TITLE: The Witch Hunter
AUTHOR: Virginia Boecker
GENRE & AUDIENCE: YA Fantasy
PUB. INFO: Little, Brown Books for Young Readers, June 2nd 2015
**note: I received an electronic copy of this book via Netgalley from the publisher in exchange for honest feedback.
The magic and suspense of Graceling meet the political intrigue and unrest of Game of Thrones in this riveting fantasy debut.
Your greatest enemy isn't what you fight, but what you fear.
Elizabeth Grey is one of the king's best witch hunters, devoted to rooting out witchcraft and doling out justice. But when she's accused of being a witch herself, Elizabeth is arrested and sentenced to burn at the stake.
Salvation comes from a man she thought was her enemy. Nicholas Perevil, the most powerful and dangerous wizard in the kingdom, offers her a deal: he will save her from execution if she can break the deadly curse that's been laid upon him.
But Nicholas and his followers know nothing of Elizabeth's witch hunting past--if they find out, the stake will be the least of her worries. And as she's thrust into the magical world of witches, ghosts, pirates, and one all-too-handsome healer, Elizabeth is forced to redefine her ideas of right and wrong, of friends and enemies, and of love and hate.
Virginia Boecker weaves a riveting tale of magic, betrayal, and sacrifice in this unforgettable fantasy debut.
The title of this one grabbed me right away. Reformation-era England? Witches? Hunters hunting them? Count me in.
The story follows Elizabeth, a young woman hunting practicers of outlawed magic in an alternate England in the sixteenth century. After a devastating betrayal she must work with one of the most notorious outlaws of all—a wizard rumored to have started a deadly plague—or endeavor to survive on her own with a substantially troublesome bounty on her head.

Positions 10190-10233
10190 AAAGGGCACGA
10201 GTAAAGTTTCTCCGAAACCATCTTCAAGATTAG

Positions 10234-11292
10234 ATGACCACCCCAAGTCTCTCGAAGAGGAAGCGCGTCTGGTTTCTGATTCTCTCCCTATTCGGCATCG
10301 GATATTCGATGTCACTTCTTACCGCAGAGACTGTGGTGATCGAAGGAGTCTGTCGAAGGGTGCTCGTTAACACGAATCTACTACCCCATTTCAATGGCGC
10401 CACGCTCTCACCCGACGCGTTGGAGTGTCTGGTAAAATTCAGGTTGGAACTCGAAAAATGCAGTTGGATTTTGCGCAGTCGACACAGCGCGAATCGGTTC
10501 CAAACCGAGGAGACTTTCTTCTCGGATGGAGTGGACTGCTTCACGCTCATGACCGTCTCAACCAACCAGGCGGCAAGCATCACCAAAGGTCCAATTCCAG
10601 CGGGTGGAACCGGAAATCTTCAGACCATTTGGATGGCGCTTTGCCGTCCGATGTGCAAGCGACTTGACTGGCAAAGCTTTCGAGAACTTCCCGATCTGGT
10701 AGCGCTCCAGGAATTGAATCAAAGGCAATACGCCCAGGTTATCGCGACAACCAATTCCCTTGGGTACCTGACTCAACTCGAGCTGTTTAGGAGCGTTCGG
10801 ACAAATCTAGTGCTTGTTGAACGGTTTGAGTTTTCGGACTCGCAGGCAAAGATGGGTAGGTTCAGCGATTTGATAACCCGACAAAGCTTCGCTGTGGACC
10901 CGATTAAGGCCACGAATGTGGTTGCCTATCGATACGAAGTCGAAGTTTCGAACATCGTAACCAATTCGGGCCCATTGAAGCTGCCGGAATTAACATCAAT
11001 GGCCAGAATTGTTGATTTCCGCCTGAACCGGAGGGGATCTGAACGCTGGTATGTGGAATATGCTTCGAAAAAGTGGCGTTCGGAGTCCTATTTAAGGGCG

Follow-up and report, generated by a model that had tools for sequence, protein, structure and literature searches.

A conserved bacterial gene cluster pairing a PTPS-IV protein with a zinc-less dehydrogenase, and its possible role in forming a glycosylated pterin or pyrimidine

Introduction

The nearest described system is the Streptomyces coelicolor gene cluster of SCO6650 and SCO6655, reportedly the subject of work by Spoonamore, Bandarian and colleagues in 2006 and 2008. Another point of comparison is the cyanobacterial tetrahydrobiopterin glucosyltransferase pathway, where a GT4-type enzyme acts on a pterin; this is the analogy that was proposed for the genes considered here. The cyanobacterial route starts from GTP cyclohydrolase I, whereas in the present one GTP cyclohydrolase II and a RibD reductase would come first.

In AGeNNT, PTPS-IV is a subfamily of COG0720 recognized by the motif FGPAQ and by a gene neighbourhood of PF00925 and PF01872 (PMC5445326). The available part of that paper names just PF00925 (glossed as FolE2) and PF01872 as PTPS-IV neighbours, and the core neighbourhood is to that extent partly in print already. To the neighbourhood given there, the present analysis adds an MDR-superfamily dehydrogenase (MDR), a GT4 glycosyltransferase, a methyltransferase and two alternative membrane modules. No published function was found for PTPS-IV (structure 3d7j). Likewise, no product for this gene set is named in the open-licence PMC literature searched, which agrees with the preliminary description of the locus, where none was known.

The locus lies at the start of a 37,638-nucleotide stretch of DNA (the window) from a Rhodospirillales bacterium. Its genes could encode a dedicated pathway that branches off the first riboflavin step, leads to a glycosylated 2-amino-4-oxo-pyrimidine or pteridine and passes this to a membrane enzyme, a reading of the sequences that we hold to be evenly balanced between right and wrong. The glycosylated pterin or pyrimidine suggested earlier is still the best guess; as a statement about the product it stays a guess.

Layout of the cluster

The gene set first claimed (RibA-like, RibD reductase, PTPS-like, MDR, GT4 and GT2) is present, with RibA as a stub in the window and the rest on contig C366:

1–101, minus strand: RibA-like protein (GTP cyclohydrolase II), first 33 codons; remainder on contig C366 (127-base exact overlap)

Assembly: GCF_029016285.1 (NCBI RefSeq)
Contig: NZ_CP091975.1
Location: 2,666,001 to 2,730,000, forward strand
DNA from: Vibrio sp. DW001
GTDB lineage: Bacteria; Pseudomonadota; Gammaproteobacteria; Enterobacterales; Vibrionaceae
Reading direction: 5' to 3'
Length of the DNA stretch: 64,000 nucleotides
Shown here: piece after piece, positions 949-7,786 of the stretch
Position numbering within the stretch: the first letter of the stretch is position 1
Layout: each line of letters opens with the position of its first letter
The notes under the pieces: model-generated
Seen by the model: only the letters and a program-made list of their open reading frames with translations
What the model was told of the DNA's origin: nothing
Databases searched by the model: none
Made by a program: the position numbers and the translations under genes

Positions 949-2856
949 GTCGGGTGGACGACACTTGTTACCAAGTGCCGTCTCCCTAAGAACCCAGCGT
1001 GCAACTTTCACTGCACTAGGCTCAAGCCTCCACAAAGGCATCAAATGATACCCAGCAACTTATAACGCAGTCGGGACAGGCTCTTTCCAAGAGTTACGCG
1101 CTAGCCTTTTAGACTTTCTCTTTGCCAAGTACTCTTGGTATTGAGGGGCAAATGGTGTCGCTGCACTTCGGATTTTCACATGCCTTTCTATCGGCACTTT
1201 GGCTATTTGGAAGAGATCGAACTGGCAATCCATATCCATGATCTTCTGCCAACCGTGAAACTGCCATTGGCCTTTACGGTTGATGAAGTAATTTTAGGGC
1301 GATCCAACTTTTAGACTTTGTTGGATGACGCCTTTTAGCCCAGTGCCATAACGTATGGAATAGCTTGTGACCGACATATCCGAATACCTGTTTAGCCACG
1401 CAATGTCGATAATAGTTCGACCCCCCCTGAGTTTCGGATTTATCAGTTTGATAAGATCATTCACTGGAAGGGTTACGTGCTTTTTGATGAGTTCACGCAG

FIRST CHAPTER FOCUS
I might have been a little disappointed with the other aspects of the book, but this was, I thought, an excellent lesson in how to start a first chapter off in a fantastically informative and engaging fashion.
- Setting the stage. The story begins with an excellent set-up. We learn instantly that not only is magic against the law, but that there are extremely terrible consequences for breaking that law.
- Characters. We meet the primary players, and very quickly have a grasp on who they are. We learn right off the bat that Elizabeth is a bit reckless and overconfident in her abilities.
- Action. Lots of it! It would have been very difficult not to keep reading, especially with the way in which that chapter came to an end. I don’t want to spoil the surprise, but boy did it have my attention!
I wanted a little more of the historical stuff out of this book. The dialogue between the characters came across as extremely modern. I figured this might have been because the book is written with the YA audience in mind, but it still made it seem very much like a “generic” and “medieval” fantasy setting despite the fact that the book takes place in a very specific time and location. What was more, I was absolutely astounded that there was no mention of religion in regards to how magic was outlawed—I think I remember only two or three weak references. This might be nitpicking, but I couldn’t help but wonder—where was the Church in this conflict? I shouldn’t have expected so many historical details. Maybe this was my bad!
At first I felt the plot was very fresh and exciting—but the hard-headedness of the main character, Elizabeth, became a tad overwhelming. I saw one of the major reveals coming from a mile away—several miles in fact—so when the time came, it fell pretty flat. There was also a startling disturbing aspect of the plot that seemed to just disappear—I couldn’t believe that it was just abandoned, or that the main character could so easily brush it away. But again, perhaps I nitpick.
Some of the more interesting secondary characters spiced up the plot—one of my favorites were the revenant, and Caleb.
The book read quickly, and easily, and I didn’t feel myself tripped up over any awkward phrases or dialogue.
I would recommend this to readers who like a dose of witchy magic in their fantasy.